Lawyers, WhaleOil and the changing media world
FYI, this story is more than a year old
Cameron Slater,the man behind the blog WhaleOil, his defamation case and the Dirty Politics saga, has sparked discussions about freedom of speech and what defines a journalist.
In the district court, Slater argued that he didn’t have to disclose his sources as he was protected as a journalist under the Evidence Act. When the court said he was not a journalist, he appealed to the High Court.
There, Justice Raynor Asher issued a ruling that said Slater was indeed a journalist. The decision was influenced by the fact that the WhaleOil site had a larger audience than some newspapers and was responsible for a number of news breaks, with genuine new information of interest across a variety of topics.
Justice Asher said, “The style of journalism may be criticised and can be dramatic and abusive, but the expression is vigorous and coherent, and there is no evidence provided to this Court of consistent inaccuracy or deceit (although there is evidence of consistent hyperbole).”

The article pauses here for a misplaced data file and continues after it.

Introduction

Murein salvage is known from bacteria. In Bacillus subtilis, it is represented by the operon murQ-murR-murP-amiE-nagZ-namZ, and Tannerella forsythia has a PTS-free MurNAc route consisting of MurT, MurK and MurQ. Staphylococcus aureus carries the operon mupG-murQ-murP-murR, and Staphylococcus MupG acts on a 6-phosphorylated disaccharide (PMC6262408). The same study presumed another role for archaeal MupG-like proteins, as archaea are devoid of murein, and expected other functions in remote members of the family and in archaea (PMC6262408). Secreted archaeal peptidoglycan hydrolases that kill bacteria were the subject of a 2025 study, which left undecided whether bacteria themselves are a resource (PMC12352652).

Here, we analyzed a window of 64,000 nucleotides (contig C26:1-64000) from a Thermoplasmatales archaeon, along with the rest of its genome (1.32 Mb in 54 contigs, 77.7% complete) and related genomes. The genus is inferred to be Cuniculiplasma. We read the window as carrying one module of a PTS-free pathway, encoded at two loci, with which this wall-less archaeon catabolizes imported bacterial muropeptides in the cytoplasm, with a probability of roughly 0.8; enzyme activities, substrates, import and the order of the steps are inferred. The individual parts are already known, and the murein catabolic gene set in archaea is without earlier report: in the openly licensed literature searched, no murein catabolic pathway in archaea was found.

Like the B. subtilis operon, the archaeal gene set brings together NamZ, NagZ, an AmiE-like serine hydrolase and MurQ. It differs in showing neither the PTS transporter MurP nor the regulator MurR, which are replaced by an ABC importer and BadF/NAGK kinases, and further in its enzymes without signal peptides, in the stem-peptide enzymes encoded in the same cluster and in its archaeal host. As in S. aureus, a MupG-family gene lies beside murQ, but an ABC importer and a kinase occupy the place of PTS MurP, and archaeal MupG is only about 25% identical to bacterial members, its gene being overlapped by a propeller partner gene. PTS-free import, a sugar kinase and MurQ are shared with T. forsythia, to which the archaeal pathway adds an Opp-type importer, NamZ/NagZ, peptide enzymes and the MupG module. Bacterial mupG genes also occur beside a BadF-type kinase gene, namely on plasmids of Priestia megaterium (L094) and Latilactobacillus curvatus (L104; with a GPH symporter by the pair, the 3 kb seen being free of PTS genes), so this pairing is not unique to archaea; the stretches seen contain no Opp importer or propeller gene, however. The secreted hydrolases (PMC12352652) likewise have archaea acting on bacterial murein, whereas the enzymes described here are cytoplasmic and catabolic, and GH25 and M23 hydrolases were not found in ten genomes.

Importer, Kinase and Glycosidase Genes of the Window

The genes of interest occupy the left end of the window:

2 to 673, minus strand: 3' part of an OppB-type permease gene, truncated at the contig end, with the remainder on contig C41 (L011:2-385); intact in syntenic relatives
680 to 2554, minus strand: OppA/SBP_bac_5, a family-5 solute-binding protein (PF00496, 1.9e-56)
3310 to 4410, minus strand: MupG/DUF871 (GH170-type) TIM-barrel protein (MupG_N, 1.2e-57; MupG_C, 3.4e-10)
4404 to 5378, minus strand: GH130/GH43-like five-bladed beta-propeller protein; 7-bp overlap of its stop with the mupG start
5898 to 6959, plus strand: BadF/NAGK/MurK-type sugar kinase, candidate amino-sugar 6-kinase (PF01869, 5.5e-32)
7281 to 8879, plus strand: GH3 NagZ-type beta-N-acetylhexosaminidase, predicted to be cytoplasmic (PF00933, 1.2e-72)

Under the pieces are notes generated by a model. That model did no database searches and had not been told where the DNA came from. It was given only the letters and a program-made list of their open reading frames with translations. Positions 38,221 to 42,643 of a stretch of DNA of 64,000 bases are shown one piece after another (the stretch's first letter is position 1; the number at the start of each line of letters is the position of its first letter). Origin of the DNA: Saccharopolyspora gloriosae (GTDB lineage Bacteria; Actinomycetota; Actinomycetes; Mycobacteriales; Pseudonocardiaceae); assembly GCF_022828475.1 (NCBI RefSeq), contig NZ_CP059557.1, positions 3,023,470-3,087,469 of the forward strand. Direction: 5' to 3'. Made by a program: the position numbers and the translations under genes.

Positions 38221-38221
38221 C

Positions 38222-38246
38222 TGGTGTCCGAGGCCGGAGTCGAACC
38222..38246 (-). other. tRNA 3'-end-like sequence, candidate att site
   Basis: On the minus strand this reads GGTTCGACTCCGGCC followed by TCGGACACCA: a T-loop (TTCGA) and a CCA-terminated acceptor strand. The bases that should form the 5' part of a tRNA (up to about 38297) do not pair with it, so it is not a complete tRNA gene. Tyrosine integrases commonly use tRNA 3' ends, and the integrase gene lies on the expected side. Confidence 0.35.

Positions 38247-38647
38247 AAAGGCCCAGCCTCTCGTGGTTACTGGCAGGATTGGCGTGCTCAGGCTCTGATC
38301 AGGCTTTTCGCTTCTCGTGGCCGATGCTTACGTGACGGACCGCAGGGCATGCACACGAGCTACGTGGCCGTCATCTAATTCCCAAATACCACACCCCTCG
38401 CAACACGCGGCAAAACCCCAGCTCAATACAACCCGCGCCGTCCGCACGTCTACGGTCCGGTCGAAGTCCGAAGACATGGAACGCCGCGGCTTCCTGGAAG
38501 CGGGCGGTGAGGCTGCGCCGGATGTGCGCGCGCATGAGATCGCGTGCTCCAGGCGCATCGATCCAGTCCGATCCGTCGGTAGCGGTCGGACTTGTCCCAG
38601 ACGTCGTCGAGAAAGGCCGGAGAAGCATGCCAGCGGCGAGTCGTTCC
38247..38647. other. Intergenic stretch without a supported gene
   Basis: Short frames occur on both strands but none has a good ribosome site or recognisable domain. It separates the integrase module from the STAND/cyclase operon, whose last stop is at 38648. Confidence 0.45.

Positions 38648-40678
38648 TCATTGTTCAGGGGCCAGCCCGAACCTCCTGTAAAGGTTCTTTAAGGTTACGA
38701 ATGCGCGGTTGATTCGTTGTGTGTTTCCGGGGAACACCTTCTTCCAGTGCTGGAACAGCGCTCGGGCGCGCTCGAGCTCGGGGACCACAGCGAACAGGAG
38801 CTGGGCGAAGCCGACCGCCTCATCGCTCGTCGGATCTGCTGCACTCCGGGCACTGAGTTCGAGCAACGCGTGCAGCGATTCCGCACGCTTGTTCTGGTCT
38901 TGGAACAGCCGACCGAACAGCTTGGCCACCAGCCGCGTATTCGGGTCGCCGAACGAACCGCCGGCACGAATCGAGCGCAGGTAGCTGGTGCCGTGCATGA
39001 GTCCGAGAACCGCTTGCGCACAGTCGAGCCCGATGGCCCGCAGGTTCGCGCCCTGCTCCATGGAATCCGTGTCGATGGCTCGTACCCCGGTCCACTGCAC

Newspaper Publishers’ Association (NPA) has said the fact that the High Court recognised Slater as a journalist is an interesting insight into how the media world is changing.
In New Zealand, freedom of the media is identified as an important aspect of democracy. In 2010, New Zealand ranked eighth on the Press Freedom Index for consistent strong, legal, public and media comment.
Section 68 of the Evidence Act 2006 enables journalists to protect the identity of their sources and is what Slater used in order to keep his sources to himself.
The freedom of the press favours journalists. There is a responsibility of journalists to observe good taste and decency, the maintenance of law and order and the privacy of the individual, but within that they are largely free to follow up stories and find evidence without the fear of facing a trial.